Voyaging canoes pass Johnston
|•||Hokule'a 2007 voyages to Micronesia and Japan
Follow the Hokule'a as they sail to Micronesia and Japan in our special report.
By Jan TenBruggencate
Advertiser Staff Writer
By Jan TenBruggencate
Variable winds overnight turned to fresher breezes yesterday as the canoe Alingano Maisu led Hokule'a and the escort boat Kama Hele on a course west-southwest from Johnston Atoll toward Majuro in the Marshall Islands.
Maisu navigator Chadd Paishon took over as the lead navigator as the canoes passed Johnston, and from this point on, the other vessels will hold positions behind Maisu but within sight of it.
"The winds have been really light today. Its been switching all day from east-southeast to northwest. Really, its just been light and variable," Paishon said in a statement made Tuesday and released yesterday by the Polynesian Voyaging Society and Na Kalai Wa'a Moku o Hawai'i.
By yesterday morning, they were still light but had steadied at about 10 knots, from the northeast, said Kama Hele captain Mike Taylor.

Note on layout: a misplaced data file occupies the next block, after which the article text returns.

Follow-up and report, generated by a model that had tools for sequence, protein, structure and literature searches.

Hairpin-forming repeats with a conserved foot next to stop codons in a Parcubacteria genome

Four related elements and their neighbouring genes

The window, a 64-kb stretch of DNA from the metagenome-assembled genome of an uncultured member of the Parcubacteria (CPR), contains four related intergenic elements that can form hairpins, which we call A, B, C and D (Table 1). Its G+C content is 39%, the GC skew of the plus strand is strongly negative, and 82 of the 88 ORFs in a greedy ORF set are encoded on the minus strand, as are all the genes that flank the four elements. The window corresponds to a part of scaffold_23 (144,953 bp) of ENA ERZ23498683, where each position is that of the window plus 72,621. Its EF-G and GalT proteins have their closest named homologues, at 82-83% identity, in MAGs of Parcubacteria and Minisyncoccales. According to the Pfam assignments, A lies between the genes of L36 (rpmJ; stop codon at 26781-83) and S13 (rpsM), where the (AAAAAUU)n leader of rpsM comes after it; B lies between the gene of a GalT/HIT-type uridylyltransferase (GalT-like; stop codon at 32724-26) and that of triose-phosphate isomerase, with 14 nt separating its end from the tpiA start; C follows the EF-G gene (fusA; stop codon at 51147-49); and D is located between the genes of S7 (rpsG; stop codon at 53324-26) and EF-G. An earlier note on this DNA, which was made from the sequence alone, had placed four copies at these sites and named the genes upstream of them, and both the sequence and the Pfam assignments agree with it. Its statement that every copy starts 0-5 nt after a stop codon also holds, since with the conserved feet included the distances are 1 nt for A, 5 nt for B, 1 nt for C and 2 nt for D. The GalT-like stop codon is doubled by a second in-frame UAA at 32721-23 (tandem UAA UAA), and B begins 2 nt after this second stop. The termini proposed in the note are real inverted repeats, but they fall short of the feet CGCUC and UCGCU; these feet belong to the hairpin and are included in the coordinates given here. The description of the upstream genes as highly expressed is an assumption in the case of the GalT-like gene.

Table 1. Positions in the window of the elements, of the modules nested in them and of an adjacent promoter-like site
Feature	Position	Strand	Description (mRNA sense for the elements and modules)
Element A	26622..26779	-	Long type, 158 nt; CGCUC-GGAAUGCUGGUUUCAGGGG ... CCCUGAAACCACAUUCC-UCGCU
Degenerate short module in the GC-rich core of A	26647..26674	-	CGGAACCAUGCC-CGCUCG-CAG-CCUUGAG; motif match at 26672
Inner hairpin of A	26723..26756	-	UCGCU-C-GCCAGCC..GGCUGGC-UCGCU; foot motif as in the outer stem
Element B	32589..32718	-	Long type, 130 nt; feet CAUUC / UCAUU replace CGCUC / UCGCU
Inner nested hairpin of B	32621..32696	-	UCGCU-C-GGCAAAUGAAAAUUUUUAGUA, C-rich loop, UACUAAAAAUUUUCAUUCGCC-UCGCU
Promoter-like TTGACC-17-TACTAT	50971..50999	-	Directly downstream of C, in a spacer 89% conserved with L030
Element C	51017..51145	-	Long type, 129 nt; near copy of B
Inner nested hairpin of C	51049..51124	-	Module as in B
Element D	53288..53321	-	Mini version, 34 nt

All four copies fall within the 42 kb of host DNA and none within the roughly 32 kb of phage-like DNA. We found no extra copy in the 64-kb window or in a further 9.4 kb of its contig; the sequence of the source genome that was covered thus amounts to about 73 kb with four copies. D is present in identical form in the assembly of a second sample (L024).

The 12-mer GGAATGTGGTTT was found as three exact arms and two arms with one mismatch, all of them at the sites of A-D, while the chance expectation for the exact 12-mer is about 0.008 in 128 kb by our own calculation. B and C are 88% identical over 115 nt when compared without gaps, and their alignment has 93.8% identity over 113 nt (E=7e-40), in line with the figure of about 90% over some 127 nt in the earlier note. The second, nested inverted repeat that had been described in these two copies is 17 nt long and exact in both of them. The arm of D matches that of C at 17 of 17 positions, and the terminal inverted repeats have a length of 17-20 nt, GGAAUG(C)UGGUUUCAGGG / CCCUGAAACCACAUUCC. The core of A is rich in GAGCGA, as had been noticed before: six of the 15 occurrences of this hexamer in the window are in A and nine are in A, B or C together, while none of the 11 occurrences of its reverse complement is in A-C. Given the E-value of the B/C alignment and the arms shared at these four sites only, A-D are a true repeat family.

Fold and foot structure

Paishon was not complaining about the weather, since even contrary weather provides information, he said.
"We will take whatever we get. This trip is all about teaching those who have never been open-ocean before and it validates the responsibility that we carry for those of us who have. We are just really excited to be able to be part of making the delivery of Maisu to Papa," he said. "Papa" is Mau Piailug, the Micronesian master navigator who taught non-instrument navigation to Hawaiian sailors, and for whom Maisu was built as a gift.
"Just as the breadfruit nourishes one's appetites, Maisu will bring nourishment to the people of Micronesia. Maisu will enable Mau to help his people maintain their culture. She will inspire them to continue the use of their traditional skills," Paishon said.
The canoe Maisu was completed shortly before the voyage began, and its captain, Shorty Bertelmann, said in a released statement that it is sailing well.
"The canoe is doing awesome. She's holding her own and riding the swells really well. The crew has adjusted to life on the ocean, but there are still many more lessons to encounter before we reach Majuro," Bertelmann said.
Reach Jan TenBruggencate at firstname.lastname@example.org.